Between 1995 and 2004, the Indian patent office received over 8,000 patent applications related to medicine. Ranbaxy Laboratories, India’s largest drug maker, has claimed protection for 112 drugs during the period, including few which are at various stages of clinical development. In addition, Ranbaxy has also filed 30 patents in 2006, including seven for new drug delivery systems (NDDS), which are in advanced stages of development.
Similarly, other pharma majors such as Cipla and Dr Reddy’s Laboratories have each sought protection for over 100 drugs, says Dr Amit Sengupta who reviewed the mailbox applications in India in collaboration with the health ministry.
However, many of these applications, both from global MNCs and Indian companies, are frivolous which may not qualify as a candidate for a patent. According to Professor Carlos M Correa, a former member of the World Health Organisation (WHO) Commission on Intellectual Property, Innovation and Public Health (CIPIH), many of the patent applications worldwide are merely ‘new laboratory techniques’ and therefore would not qualify for patents.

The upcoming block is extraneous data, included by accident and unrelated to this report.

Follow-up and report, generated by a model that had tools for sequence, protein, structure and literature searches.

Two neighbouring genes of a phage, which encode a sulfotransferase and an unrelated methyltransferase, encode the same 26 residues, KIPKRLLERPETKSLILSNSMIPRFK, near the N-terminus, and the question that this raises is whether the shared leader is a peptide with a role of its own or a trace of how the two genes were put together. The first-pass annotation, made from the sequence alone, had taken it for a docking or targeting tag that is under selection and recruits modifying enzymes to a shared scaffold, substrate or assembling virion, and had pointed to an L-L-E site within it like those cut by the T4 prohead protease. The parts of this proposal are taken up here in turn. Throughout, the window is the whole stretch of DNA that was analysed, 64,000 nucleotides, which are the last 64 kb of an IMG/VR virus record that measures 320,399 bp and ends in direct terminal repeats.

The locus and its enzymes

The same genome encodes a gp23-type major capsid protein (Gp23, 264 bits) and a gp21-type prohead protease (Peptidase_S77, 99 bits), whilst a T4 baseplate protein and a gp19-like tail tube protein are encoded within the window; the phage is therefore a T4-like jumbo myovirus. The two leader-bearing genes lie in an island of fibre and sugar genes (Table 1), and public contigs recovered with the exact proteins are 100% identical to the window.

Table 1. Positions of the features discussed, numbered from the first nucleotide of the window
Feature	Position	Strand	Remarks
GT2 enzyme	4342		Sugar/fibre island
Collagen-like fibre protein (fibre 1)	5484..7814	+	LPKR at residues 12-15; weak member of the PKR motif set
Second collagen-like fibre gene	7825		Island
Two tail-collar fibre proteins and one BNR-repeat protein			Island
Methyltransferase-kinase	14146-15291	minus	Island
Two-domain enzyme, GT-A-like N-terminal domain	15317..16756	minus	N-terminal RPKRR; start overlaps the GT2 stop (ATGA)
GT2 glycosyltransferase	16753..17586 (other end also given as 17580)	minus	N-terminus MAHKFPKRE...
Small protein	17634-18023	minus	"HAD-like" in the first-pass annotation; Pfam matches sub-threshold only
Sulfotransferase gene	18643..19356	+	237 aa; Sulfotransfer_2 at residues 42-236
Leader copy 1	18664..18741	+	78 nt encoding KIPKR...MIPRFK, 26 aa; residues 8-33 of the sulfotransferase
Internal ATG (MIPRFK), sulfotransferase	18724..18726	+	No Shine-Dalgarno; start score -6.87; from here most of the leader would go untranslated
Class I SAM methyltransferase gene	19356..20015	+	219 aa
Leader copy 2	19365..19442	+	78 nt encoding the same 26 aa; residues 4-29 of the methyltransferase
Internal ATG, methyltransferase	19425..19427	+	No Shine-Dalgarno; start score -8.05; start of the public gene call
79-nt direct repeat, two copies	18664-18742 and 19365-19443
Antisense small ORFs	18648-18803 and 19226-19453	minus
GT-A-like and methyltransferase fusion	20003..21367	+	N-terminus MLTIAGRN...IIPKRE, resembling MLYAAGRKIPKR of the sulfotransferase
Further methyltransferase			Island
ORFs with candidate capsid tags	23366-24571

“The pipeline of discovery drugs are drying up. While there are around a million applications in the US, only 20 new chemical entity (NCE) got US Food and Drug Administration’s approval in 2005 compared to 51 in 1997,“ he said.
Companies are now merely tinkering with the existing drug and seeking patent applications for the same. Only 2-3 application from each of the Indian companies are serious contenders for a patent, Dr Sengupta added.
However, some innovator companies feel that there are many innovations which deserve patent protection. “Innovations are either patentable or non-patentable. Patent offices are getting mature to weed out those inventions which do not merit a patent and one should look at the actual data of patents rejected before a claim like this is made, “ Novartis India vice-chairman and MD Ranjit Shahani said.
Since India became trade-related aspects of intellectual property rights (TRIPS)-compliant in 2005, both global and Indian companies have rushed to claimed protection for new drugs or innovations. If drugs get patented, the innovator company will get exclusive marketing right for 20 years. Few global companies have already got patent for drugs in cancer, anti-Aids and other therapeutic areas.